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Jan. 19: OUR LADY’S FINDING OF THE CHILD JESUS IN THE TEMPLE
When Jesus was twelve years old, in the eyes of the Law considered a man, he attended the Temple with His parents. Jesus, looked upon as human by His parents, wandered from them on His own. So, on their return journey, they thought Him in the caravan, visiting friends or relatives, and being feted on this first recognition as man. So sociable and friendly was the Boy that Mary and Joseph saw nothing strange in starting back home without Him. Women were placed in the center of the caravan; men and boys in front and back to protect the women. At close of day families united; and Mary and Joseph sought their Boy casually among friends. Then followed three long days of misgivings when they wondered whether another Herod had snuffed out the life of their Boy. They recalled Simeon’s prophecy and a third sword of sorrow pierced Mary’s heart. On the third day with growing anxiety, they came to God’s Temple to tell Him their sorrow and to plead for His mercy and help. Hardly had they turned to God, when they heard His voice, and God revealed to them the Child they had encircled blindly all these worried days. Loving Mother that she is, Mary believed that her Son must have reason for His truancy. So, when she found Him among the Doctors of the Temple, she gave Him a chance to explain Himself. Her pride in His wisdom before these brilliant men of the Law did not keep her from her duty in teaching Him obedience and submission. “Son, why hast thou done so to us? Behold, thy Father and I have sought thee sorrowing.” Mary did not place her own grief first in gently chiding Jesus, but tried to direct His attention to His Foster Father’s love for Him. Christ was not unsympathetic to His parent’s grief. He knew what they must have suffered for these three days; yet, He did not want them to become too attached to Him, nor too possessive, lest they later felt His permanent absence too much when His public life began. So, He reminded them kindly that He must be about His Father’s business, and they returned to their home, and He was subject to them. The saddest part of the Finding in the Temple must have been in the silent journey homeward. Jesus could not find words to erase the pain in His parents’ hearts at this first step toward the cross. Mary’s was the desolation of a Mother who wanted to give her child to God, but could not conceal completely the sacrifice it entailed. Joseph, like all good fathers, sensed the cloud hanging over their lives, and did his best to stand quietly by Mary’s side as a pillar and understanding champion of his Foster-Son, an inspiration and a support to both. This was the last time St. Joseph’s name is mentioned in Scripture. We do not know for certainty, but lay history tells us that Joseph died when Jesus was 29 years old, one year before the miracle at Cana, a model in death for parents who do not live to share their children’s success and glory. This is just one more proof of the equalizing goodness of God who gives to all something for each sacrifice. Though Joseph was deprived of seeing His Son honored on earth, his was the singular privilege of dying in the arms of Jesus and Mary, an honor that made him our “patron of a happy death.”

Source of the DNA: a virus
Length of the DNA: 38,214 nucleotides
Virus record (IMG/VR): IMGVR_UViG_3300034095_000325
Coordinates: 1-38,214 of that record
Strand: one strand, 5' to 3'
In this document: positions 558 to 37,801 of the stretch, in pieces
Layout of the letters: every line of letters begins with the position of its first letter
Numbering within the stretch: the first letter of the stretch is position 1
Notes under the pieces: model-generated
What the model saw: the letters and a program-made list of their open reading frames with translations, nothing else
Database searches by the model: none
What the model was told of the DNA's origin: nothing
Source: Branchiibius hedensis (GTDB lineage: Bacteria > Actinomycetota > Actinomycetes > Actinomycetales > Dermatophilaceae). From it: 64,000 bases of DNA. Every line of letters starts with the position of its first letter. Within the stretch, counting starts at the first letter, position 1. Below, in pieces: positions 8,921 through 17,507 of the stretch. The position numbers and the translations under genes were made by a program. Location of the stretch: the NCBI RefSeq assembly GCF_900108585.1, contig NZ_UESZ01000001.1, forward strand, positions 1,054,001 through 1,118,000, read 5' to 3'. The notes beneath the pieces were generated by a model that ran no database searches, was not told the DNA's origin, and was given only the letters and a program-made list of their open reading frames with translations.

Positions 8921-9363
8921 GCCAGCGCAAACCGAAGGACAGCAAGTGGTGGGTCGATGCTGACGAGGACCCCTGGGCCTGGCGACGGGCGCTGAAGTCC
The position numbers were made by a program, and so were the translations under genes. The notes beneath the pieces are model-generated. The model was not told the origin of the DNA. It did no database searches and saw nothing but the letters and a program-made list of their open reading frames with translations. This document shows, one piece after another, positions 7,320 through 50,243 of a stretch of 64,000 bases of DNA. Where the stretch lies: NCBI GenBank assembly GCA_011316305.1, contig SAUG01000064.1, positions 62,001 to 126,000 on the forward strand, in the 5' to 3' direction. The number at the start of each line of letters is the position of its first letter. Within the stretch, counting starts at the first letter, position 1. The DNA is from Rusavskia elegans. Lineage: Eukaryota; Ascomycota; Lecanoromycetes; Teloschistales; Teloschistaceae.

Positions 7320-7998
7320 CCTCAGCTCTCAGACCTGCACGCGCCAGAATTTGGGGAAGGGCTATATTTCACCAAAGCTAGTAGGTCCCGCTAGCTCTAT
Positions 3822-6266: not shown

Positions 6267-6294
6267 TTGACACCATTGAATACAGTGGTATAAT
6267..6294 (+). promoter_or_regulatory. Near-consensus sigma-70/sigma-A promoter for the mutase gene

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Jan. 20: OUR LADY OF TABLES
At Montpellier, France, there is a very ancient, renowned church containing a shrine of Mary – the Blessed Virgin holds her Son in her arms, extended over the city, so to say. She stands upon a bezant pedestal or table. She is fondly called the “arms of the city of Montpellier.”
This statue is the so-called famous statue of black wood – Notre-Dame-des-Tables. To preserve it, the icon was hidden for a long time within a silver statue of the Blessed Virgin, life-size, and screened from the public view. It was stolen by the Calvinists and has since disappeared from history.